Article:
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He Who Saves A Single Life Saves The World Entire

I recently recalled a movie made in Europe called Saviors in the Night. Based on the memoirs of Marga Spiegel, it tells the true story of how she, her husband Menne and their daughter Karin were

saved from extermination in the death camps. They were saved by German farmers Heinrich and Maria Aschoff and their daughter Anni who hid them on their farm in the region of Munsterland for

30 months. Some of their neighboring farmers were members of the Nazi party, who bought into the propaganda that Hiller and his cohorts promoted. But some, like the Adchoffs, by a miracle of

grace, fought the lies and the bigotry, especially about the Jewish people. Early in the film, Anni who is a member of the Hitler Youth Movement, is angry when she first learns that her parents are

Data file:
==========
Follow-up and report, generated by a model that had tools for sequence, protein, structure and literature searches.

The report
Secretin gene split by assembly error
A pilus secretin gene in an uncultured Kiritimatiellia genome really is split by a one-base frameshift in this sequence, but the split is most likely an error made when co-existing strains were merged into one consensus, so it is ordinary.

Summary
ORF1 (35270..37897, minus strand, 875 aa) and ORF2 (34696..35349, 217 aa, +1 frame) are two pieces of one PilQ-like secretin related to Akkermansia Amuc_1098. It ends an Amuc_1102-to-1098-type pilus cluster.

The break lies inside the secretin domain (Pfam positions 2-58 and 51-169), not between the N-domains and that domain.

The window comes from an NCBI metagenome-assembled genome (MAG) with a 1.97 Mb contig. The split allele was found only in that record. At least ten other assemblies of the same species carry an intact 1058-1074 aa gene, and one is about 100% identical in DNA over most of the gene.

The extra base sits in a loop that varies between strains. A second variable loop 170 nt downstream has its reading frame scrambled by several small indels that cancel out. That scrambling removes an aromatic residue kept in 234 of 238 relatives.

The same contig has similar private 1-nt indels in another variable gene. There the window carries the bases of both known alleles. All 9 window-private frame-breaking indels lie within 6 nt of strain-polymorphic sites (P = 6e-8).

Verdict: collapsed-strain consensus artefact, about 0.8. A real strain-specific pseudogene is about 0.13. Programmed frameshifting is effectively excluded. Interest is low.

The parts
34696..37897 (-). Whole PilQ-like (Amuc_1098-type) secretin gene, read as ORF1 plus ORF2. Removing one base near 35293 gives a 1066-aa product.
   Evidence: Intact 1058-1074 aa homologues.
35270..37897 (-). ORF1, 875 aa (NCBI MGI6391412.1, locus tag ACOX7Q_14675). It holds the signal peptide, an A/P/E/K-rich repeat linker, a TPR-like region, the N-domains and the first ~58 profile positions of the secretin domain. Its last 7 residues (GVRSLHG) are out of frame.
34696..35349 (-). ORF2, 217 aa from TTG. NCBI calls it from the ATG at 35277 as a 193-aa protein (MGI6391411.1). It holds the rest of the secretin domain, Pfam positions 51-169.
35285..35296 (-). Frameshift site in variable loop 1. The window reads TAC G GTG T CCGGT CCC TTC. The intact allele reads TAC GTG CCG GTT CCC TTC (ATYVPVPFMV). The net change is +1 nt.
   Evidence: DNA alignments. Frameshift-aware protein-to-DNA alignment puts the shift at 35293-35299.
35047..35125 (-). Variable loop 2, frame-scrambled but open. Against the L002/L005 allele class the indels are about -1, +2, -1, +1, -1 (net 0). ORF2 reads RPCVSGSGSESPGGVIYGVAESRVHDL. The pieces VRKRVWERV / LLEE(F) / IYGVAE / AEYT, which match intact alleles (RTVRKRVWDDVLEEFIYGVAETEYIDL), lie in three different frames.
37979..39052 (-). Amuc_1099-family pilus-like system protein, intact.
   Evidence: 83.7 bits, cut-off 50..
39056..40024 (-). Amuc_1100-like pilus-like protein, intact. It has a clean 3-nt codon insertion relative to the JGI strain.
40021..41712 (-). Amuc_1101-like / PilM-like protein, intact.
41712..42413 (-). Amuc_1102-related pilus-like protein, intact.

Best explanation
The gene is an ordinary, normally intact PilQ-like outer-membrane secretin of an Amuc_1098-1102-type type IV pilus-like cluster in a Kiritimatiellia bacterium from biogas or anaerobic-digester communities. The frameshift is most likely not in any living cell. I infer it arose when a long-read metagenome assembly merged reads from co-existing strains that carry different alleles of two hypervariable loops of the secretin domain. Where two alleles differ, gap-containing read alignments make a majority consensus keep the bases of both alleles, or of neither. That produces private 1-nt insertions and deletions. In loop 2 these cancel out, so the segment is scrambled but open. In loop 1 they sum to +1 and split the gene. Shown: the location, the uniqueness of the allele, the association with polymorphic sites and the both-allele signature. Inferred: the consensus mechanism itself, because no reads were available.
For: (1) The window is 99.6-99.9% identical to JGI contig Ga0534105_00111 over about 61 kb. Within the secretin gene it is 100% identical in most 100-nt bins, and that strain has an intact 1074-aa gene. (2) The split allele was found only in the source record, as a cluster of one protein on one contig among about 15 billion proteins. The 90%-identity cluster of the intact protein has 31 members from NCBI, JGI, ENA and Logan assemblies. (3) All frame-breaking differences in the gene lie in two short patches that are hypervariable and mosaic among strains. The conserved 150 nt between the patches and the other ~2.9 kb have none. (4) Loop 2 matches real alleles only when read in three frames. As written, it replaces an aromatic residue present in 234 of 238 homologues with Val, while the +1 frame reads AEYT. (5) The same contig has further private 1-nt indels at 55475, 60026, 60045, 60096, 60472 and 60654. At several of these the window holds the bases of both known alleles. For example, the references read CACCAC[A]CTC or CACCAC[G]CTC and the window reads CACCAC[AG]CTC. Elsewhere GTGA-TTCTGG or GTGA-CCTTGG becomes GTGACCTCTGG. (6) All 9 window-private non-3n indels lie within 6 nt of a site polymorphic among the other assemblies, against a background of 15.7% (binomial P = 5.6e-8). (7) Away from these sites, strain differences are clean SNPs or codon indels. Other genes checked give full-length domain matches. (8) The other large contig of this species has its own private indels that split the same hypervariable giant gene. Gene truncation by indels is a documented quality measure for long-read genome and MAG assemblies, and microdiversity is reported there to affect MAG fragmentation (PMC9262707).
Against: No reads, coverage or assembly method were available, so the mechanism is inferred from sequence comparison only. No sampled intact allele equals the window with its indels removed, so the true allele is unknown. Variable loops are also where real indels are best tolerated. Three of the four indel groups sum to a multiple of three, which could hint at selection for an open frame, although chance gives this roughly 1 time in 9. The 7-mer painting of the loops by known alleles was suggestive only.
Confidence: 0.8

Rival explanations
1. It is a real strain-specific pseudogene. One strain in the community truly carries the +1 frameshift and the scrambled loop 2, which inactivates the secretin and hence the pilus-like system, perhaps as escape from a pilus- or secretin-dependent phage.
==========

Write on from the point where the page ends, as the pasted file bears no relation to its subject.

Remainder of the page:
hiding Jews. In a memorable line that defines the whole movie, her parents tell her, “We are Germans but we are also Catholics”. The movie dramatizes the conversion experience of this Catholic family and others who come to understand more profoundly and live with greater commitment to their faith. The “saviors” know that if they are caught concealing Jews they will be killed immediately. It makes me wonder what I would have done in the same situation. It is interesting to note that Marga and Anni became the closest of friends and at the end of the movie are shown talking to some of the actors on the movie set. It is also interesting that the director of the movie, Ludi Boeken, knew some of this reality first hand since his own parents were saved in Holland by people like the “saviors” of the movie. It is true that many more Jews could have been saved if more people had courageously lived their faith like the Aschoffs. The Jewish Talmud says, “He who saves a single life saves the world entire.”


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